measure of devotion. "She looked well to the ways of her
household, and ate not the bread of idleness, her children rise
up and call her blessed."
After the passing of Mr. Smalley, she was married again
to William Bratton, and, not unlike the first husband, he was
a Methodist minister. Mrs. Bratton was born in Ohio, in 1808,
and died at her home in Pleasant Hill, December 25, 1893. Mr.
and Mrs. Smalley were the parents of six children, Cynthia,
the youngest, and the only living, is the wife of Capt. Harry
Lawrence, and resides in Lexington, where they are owners
of valuable farm lands east and south of the city. Their
children are also farmers, or farmers' wives, and are leading
citizens of the community. Capt. Lawrence served through
the War of the Rebellion, and now has a grandson, Lawrence
VanDevender, who is serving in the World's War. Capt.
Lawrence has a framed rare relic, which he prizes highly, it
being seventy-five souvenir badges, one for each reunion
attended by him since the close of the war.
M. R. Bullock, a surveyor, made the plat of Pleasant Hill
for Mr. Smalley, in 1840, and Squire Jacob Spawr was the one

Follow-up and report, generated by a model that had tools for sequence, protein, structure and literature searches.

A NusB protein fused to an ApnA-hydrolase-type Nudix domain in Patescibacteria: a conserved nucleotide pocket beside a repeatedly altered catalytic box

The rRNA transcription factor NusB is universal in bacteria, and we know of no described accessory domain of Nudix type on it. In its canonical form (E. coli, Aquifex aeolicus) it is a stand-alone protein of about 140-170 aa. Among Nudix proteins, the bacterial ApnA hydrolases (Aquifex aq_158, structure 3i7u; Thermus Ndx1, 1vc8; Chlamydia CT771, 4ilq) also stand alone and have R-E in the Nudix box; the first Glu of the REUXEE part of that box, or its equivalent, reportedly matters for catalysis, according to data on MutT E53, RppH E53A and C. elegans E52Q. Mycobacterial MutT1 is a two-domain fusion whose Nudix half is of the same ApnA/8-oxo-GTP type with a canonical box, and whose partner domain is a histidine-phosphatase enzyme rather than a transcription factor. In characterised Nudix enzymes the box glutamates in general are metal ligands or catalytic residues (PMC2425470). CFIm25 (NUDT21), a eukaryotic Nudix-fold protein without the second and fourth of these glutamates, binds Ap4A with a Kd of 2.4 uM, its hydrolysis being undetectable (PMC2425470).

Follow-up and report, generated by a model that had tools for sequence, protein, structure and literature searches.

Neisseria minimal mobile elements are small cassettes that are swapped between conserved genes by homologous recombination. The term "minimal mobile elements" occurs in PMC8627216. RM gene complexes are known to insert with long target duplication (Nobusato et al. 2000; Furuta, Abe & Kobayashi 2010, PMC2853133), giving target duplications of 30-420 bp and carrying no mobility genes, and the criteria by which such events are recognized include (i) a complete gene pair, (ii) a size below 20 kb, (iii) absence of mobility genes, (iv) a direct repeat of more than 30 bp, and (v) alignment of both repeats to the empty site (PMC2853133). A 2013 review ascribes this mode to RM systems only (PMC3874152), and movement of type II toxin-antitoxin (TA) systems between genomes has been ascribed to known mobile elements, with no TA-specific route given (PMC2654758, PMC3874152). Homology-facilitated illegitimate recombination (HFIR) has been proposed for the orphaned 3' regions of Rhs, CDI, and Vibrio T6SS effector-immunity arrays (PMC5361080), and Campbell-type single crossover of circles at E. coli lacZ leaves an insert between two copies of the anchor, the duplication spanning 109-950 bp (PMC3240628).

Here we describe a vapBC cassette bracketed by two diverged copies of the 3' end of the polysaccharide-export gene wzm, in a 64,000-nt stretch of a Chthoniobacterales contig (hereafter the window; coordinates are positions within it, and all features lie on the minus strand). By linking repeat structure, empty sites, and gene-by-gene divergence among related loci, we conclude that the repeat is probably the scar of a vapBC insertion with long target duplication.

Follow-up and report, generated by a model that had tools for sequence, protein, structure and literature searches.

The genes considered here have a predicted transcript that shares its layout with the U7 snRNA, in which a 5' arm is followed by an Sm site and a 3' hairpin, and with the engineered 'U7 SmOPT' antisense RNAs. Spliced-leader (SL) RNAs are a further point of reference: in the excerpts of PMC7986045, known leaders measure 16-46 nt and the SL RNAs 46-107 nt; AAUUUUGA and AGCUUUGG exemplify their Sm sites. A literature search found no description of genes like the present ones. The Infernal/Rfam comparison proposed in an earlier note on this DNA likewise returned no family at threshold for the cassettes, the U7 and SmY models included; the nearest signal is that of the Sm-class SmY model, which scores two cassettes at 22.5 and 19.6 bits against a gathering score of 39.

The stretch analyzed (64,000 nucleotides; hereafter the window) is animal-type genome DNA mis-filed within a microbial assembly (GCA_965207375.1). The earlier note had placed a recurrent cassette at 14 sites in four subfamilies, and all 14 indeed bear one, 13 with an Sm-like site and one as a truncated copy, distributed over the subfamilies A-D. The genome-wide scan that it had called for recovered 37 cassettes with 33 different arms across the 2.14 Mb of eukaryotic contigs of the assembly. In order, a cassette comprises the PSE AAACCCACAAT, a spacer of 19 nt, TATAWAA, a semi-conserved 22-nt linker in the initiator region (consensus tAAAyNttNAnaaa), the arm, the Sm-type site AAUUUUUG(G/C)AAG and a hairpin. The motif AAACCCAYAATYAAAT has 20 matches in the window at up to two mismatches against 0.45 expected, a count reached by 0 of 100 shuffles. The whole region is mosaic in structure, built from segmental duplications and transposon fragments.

witness to the papers. There were very few transfers made in
the early days but what my uncle Jake did not have a hand in.
Why shouldn't he? Coming to this community as he did in
1826 and living to the extreme age of 101 years. He ran a hotel
or tavern, and was a great friend of Lincoln, Douglas and
Davis, as well as other noted men who rode the circuit at that
time. He took the first census, also kept the first postoffice
that is, kept it mostly in his hat, very few people who sold their
corn at ten cents per bushel or less, could afford to pay twenty-
five cents for a postage stamp. Mr. Spawr left no money, but
he left, what is worth more than all things else, a good name.
The Christian character and sterling business qualities of
Mr. and Mrs. Smalley, a fertile soil and beautiful landscape all
combined, attracted a good class of people in quest of land and
homes. We have no way in telling what the population of
Pleasant Hill was at any time, but we do know Bloomington's
population was but 180 in 1834. Mr. Smalley first lived in a
log house, 10 by 12 feet and near John Patton, which was in
the year of 1838.
In 1846, Absalom Enoch started Pleasant Hill's first store;
and in the year 1847, Enoch and Foster bought from Isaac
Smalley two lots, paying $15 each for them. Each put up a
small building and conducted a store. These lots being the
same lots now owned by Mrs. Johnson Jenkins, who has the
only store in the town at this date. It is quite convenient to